FOUR MONTHS LATER…
I watch from across the room as Finnley chats to a group of people, smiling to myself as her hand comes up and tugs on her earlobe.
Quickly making my way over to her side, I wrap my hand around hers and bring it down between us.
“Calm down, you have no reason to be nervous,” I whisper in her ear.
She excuses herself from the group and tugs me a few feet away until we’re out of earshot of other people. “How in the hell did you know I was nervous?”
I smirk down at her and shake my head. “Baby, you always tug on your ear when you’re nervous. You did it right before the first time I kissed you at the end of tenth grade, when I stuck my hand down your pants three months later, five seconds before you gave me my first blow job and-”
“Alright, smartass, you made your point,” she tells me with a laugh, cutting me off. “What’s the deal with D.J. and Phina?”
Glancing in the direction where she’s looking, I see the two of them on the far side of the room, quietly arguing. Phina starts gesturing wildly with her hands and then D.J. points at her and says something that makes her face fall. I hold my breath, assuming he said something really stupid and she’s probably going to smack him across the face, but it never happens. She says one more thing to him and then turns and walks away. D.J. grits his teeth, shoves his hands in his pockets angrily and then storms off in the opposite direction.
I have no idea what the hell that was all about. D.J. hasn’t mentioned one word about Phina since that night at Slammers when he drunkenly made out with her at the table in front of everyone. I hope to God she doesn’t have some sort of misplaced infatuation with the guy. D.J. will never settle down, no matter how hot the girl is.
“Shit, I better go see what that was about,” Finnley states quietly, pulling away from me.
Grabbing her hand, I bring her back towards me. “Leave it alone for now, babe. This is your night and I don’t want anything ruining it. We’ll deal with those two later.”
She sighs, looking off in the direction Phina went for a few seconds before turning to face me. “Have you seen all the people who showed up tonight? This is insane.”
Her hand starts to move back up to her ear as she glances around the room but she quickly drops it when she realizes I’m watching her with a huge grin on my face.
“Can you be serious for one minute? Someone from the Solomon R. Guggenheim Foundation is here tonight. The GUGGENHEIM, Collin, the f**king Guggenheim in New York City! I think I’m going to throw up,” Finnley complains, pressing her hand to her stomach.
Wrapping my arms around her, I pull her close and kiss the top of her head. It’s almost hard to believe how much has happened since I first saw her again at Slammers all those months ago. After Finnley was released from the hospital a week after the fire, she moved into my house since there was nothing left of her own. While her burns healed, my broken leg mended and she dealt with the bullshit of filing the claims for her homeowner’s insurance, she poured herself into her art. She worked night and day on new pieces and, when I wasn’t helping her light them up in the backyard, she was curled up next to me on my couch coming up with new ideas in sketch pads.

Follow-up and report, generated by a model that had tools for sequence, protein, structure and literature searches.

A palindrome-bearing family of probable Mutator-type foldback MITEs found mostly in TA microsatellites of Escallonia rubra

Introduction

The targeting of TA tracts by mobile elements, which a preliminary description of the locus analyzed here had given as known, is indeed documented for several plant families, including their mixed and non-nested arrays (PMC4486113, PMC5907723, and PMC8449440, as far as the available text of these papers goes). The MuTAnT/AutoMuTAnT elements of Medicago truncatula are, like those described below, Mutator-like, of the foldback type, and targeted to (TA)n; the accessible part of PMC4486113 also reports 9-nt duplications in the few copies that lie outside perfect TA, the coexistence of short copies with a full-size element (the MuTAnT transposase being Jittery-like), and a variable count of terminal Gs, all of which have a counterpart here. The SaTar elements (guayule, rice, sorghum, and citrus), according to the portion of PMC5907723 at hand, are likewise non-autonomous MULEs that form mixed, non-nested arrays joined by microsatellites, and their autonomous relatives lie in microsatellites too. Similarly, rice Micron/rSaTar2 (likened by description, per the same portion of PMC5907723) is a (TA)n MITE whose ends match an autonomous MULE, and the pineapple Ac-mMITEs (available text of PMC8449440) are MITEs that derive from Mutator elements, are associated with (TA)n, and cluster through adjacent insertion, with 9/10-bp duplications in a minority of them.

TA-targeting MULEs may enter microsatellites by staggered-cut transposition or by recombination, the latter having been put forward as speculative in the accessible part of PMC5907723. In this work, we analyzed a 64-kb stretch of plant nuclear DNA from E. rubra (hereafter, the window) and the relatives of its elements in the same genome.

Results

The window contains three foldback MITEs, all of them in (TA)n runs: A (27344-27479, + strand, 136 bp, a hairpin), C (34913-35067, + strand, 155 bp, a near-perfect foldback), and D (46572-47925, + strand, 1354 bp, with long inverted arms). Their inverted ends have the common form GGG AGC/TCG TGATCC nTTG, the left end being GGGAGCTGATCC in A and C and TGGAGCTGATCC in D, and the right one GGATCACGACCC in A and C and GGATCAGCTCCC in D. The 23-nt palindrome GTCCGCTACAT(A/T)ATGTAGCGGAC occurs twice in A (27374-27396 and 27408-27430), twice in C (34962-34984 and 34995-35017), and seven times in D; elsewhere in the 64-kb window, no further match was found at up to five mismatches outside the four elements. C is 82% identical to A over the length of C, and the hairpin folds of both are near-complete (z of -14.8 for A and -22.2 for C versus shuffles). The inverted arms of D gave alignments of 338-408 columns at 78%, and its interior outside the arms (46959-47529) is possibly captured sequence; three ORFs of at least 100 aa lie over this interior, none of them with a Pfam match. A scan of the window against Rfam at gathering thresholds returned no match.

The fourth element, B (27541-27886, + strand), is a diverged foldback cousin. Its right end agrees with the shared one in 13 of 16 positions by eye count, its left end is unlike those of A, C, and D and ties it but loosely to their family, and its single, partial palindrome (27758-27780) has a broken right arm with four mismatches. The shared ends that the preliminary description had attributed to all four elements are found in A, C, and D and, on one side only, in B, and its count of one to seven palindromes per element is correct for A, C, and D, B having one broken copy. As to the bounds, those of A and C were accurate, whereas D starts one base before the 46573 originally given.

I kept a close eye on her and swore to myself I wouldn’t let it get to me if she ever showed even an inkling of sadness about Jordan dying in the fire. Regardless of what he’d done and how close he came to bringing us both down with him, I would never fault her for her grief. Seventeen years is a long time to spend with someone and, even though it didn’t end well, I know she had many good years with him and a lot of memories that wouldn’t just disappear over night.
Every time she woke up screaming in the middle of the night, I’d kiss away her tears and hold her close. Each time she got quiet and stared off in the distance at nothing, I’d kiss the top of her head, reminding her how much I loved her and that I was right here if she needed me.
I didn’t agree with her decision not go to Jordan’s funeral, but it was hers to make and I didn’t pressure her. It’s not that I expected her to go and cry over his casket, I just didn’t want her to have any regrets. Even though she’s angry and hurt by what he’s done, I don’t want her to look back ten, fifteen, twenty years down the road and wish she’d said good-bye to him.
I hovered over her that entire day until she finally threw her sketchpad on the table and glared at me.
“If you don’t find something to do, I’m going to kick your ass. I’m fine, Collin. I have no regrets about not going to his funeral, I swear to you. I don’t need to go to that f**king cemetery and pretend that I’m sad just because people say it will give me closure. I got my closure the day I filed for separation. I’m not going to waste one minute of my life mourning someone who tried to take you away from me.”
Seeing her attitude and fiery spirit come back to life was proof enough that she was going to be okay.
The shock came a month after the fire when I brought in the mail that included Finnley’s, since she had everything forwarded to my address. When I handed her an envelope with Jordan’s parent’s return address in the upper left hand corner, she opened it quickly and with confusion. When she pulled out the letter inside and read through it, she let out a small sob and her hand flew up to her mouth.
That was the one and only time she ever cried over Jordan Castillo and his family after he died. Even though he made her life hell off and on for seventeen years and came close to ending it with one swipe of a match and his mother did her best to make Finnley feel guilty for all of their problems, at least they did one thing right.